Note: First Looks give previews of new dishes, drinks, and menus we're curious about. Since they are arranged photo shoots and interviews with restaurants, we do not make critical evaluations or recommendations.
Brian Fernando mastered French fine dining across 10 years at Le Papillon; he was chef de cuisine his last four years there. Now, he's combining modern French technique with flavor memories of his childhood and recipes from his Sri-Lankan father as chef/owner of Soma's 1601 Bar & Kitchen.
The concept at 1601 replaces the traditional buffet-style spread of curries, steamed rice, sambols, and vegetables with small plates—or, Short Eats—which are made to share and lets dinner roll along the way Fernando thinks it should naturally be coursed. "I wanted to break down the meal, for it to play out from starting light, like pickled vegetables, to finishing with the bavette steak. From pickling to hopper to protein."
The delicate egg hopper, easy to fall for and eaten like a taco, is served with beer on the streets of Sri Lanka and will stay put on the menu, as will Mulligatawny soup, a childhood favorite of Fernando's, and the pickled vegetable plate. Other dishes will rotate; for instance, the chicken curry most diners would expect to see will eventually be swapped in for the roasted quail.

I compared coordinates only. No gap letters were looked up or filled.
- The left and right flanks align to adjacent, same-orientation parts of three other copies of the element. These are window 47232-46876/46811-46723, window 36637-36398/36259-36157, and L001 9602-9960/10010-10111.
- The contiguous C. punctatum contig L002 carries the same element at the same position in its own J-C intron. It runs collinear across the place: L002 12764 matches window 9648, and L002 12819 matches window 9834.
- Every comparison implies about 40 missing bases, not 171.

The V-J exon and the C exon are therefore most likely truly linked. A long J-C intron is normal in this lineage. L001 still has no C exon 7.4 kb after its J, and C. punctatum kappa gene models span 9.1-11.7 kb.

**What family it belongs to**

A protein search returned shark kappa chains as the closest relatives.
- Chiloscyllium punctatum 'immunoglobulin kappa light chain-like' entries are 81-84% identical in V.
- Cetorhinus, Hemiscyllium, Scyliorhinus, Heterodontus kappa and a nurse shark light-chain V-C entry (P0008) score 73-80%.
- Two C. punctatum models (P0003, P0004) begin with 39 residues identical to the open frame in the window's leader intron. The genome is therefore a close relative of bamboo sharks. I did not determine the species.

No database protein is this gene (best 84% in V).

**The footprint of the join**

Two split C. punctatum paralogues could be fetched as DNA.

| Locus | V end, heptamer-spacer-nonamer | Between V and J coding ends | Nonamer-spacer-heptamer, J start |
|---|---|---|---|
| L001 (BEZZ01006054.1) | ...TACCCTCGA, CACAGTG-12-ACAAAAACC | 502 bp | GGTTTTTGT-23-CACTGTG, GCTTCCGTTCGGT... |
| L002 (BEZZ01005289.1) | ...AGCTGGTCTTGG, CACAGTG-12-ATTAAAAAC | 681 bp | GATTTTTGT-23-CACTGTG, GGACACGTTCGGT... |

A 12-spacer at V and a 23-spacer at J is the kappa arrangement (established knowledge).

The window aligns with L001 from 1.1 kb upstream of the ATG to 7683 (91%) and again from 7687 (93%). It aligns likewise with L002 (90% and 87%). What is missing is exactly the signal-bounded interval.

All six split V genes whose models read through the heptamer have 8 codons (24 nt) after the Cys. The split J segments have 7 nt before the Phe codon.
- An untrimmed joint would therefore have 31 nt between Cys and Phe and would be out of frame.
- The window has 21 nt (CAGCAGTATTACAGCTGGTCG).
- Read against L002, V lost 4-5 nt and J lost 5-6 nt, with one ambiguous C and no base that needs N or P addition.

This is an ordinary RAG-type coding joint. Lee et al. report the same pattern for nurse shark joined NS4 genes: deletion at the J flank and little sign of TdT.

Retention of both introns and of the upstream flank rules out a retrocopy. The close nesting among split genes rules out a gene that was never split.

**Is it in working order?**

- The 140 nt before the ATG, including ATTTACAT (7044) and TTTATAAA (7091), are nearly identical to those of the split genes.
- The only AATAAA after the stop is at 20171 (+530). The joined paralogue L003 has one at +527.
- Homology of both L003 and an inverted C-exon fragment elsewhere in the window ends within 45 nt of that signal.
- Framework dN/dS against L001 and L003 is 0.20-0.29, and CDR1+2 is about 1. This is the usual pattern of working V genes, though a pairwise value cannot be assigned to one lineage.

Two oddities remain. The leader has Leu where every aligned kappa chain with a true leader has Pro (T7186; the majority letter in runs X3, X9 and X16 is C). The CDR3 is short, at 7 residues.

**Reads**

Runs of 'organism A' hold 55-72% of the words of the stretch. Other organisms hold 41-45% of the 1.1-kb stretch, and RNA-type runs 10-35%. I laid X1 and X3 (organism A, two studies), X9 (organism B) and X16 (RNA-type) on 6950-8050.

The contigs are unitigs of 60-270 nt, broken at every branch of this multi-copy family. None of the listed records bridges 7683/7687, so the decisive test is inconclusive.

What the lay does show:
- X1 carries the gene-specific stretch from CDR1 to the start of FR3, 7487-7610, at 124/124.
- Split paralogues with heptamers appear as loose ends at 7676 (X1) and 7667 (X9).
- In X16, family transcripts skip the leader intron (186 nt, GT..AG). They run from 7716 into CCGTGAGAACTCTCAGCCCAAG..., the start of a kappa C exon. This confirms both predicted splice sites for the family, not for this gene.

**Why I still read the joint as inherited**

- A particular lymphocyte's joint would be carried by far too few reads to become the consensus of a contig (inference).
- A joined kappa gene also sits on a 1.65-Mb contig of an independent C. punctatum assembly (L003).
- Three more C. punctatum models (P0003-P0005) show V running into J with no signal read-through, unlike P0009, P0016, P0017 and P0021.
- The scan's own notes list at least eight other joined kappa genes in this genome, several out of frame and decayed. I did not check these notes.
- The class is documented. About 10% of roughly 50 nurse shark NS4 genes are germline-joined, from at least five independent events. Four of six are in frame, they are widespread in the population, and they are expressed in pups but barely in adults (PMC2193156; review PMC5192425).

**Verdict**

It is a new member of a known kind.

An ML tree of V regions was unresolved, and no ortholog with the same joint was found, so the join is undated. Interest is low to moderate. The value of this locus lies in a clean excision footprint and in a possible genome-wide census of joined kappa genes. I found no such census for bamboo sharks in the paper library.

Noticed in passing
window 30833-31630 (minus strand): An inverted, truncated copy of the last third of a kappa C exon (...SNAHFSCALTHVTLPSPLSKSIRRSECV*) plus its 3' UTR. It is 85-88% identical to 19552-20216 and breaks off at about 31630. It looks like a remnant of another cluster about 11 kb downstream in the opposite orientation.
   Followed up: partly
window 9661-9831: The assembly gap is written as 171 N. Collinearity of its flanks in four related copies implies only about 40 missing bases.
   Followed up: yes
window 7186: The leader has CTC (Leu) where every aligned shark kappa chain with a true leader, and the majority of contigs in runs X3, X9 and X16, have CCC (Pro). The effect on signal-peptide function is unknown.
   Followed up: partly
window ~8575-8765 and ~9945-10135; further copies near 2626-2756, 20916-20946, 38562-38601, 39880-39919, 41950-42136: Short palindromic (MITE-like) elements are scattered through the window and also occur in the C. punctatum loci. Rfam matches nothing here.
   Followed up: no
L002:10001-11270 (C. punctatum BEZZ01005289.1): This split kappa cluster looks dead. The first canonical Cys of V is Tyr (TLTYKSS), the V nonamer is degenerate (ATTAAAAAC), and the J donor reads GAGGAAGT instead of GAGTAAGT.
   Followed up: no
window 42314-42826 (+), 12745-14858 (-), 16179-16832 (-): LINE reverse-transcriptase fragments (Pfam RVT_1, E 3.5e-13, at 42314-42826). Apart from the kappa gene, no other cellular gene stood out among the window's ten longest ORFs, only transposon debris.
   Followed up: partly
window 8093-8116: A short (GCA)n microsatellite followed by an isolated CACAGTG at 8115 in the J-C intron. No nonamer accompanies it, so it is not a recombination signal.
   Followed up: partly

Like the South Indian cuisine it's often mistaken for, Sri Lankan food has some serious spice. Fernando has taken the heat down a notch for two reasons. One, he's been eating curry since he was a kid, so he can't trust his own barometer. Two, he's cautious of using spice as a novelty. He'd rather guests taste the balance of acid and sugar and the genuine flavors of the dishes by not overpowering them with spice.
With a bid in the works for a full bar, 1601 will start with a selection of beer and 85 new and old world wines (with two reds and two whites on tap) created with help from Le Papillon's wine director, Cameron Mashayekh.
Take a peek at what to expect in dishes and desserts from 1601 Bar and Kitchen in the slideshow above.
At time of publication, 1601 anticipated an opening on Monday, April 1.